By Annabelle Lee

As churches move their Resurrection Sunday celebrations online to comply with the movement control order (MCO), Christians in Bario, Sarawak have had no choice but to call off their church service due to a power cut.

Nelson Palong (above, right), a pastor in the highland region, told Malaysiakini that he could not broadcast his Easter sermon after the solar generator that powers the area stopped working two days ago.

He was nevertheless glad to be able to take Holy Communion with his family at home.

“We have not had any light for two days. Our sound system is out as well.

“So this Easter has been rather quiet. We could not do what we planned.

“We planned to broadcast our service at 9am this morning but because there is no electricity, everyone could only celebrate by themselves at home,” he said when contacted.

The plan had been to play his Easter message along with praise and worship songs on loudspeakers placed outside the church building for his Kelabit congregation to worship from their own longhouses.

He explained that this is how church services have been conducted in Bario since March 18 when gatherings were banned under the MCO to help curb the spread of Covid-19.

“We can’t use Facebook for our church services because we have problems with the internet connection, the line often breaks off,” Palong said.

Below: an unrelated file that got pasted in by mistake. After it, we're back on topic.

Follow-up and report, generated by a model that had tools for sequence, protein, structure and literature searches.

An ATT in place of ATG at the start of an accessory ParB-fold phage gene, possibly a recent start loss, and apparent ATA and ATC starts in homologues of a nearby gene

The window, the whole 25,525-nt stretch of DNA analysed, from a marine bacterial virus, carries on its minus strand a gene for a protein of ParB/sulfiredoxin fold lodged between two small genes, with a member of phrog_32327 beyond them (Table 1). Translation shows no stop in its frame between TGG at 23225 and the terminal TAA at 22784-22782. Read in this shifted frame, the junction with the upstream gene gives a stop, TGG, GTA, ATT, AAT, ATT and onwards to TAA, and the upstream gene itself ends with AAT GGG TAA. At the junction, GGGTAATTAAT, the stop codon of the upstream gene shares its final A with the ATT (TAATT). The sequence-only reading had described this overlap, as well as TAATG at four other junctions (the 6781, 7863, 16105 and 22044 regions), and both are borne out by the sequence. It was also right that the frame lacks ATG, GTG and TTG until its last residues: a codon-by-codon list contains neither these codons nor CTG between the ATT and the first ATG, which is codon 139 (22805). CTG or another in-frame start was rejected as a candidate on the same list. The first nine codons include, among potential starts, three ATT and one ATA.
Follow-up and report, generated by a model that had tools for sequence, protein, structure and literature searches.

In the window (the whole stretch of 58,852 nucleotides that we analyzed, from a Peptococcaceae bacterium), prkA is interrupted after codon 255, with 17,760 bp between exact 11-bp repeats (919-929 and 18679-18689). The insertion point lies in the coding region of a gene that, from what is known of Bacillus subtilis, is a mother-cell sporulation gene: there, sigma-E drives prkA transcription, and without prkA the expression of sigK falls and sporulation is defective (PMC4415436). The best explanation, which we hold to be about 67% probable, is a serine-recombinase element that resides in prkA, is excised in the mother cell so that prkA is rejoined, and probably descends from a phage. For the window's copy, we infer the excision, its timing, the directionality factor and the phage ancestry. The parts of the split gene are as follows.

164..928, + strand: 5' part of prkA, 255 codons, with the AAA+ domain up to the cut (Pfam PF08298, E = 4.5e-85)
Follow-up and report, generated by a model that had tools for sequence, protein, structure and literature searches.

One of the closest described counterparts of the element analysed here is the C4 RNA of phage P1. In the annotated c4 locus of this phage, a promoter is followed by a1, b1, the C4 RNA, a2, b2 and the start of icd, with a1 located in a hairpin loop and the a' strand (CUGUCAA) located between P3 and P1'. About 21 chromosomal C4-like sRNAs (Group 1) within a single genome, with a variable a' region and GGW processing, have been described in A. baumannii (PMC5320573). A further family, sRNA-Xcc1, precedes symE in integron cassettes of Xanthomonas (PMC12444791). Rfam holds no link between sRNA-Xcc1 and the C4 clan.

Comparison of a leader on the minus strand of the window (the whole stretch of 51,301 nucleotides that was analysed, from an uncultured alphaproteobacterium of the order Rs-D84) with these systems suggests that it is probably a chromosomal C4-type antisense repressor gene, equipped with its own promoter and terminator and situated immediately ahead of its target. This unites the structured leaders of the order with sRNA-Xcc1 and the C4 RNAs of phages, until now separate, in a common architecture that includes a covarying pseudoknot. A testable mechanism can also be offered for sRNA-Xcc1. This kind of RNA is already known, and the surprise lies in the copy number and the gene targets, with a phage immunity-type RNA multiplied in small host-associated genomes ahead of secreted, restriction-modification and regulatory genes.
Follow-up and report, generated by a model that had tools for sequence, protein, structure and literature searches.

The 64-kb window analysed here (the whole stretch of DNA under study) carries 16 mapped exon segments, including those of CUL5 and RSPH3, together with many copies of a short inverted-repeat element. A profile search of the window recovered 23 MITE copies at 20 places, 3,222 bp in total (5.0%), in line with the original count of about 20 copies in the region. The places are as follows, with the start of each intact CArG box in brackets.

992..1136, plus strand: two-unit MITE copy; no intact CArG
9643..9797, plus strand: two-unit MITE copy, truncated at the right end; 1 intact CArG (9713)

While awaiting the solar batteries to be fixed, the Borneo Evangelical Mission pastor said he had engaged help to deliver diesel into the village to power generator sets.

However, this plan fell through when a portion of the road leading to his village caved in, preventing large vehicles from passing through.

Palong shared that his village was a 14-hour journey by four-wheel drive from Miri town.

“Hopefully the road can be fixed today so vehicles can have access to Bario,” he said, adding that five villages in total have been affected by the power cut.

Easter in Klang Valley via social media platforms

Meanwhile, churches in the Klang Valley have adapted to the MCO by hosting their Holy Week celebrations on social media platforms.

Kingdomcity broadcasted three Easter services on Facebook for a congregation that spanned nine countries, including Malaysia.

It also assembled members from all over the world into a “virtual choir” to record a medley of songs commemorating Jesus’ resurrection. 

Based in Subang Jaya, Acts Church featured pastors conducting an online church service from their own living rooms. This was also aired on Facebook.

Kuala Lumpur’s St John’s Cathedral, one of the oldest Catholic churches in the country, livestreamed its Easter vigil on YouTube and published its order of service on its website.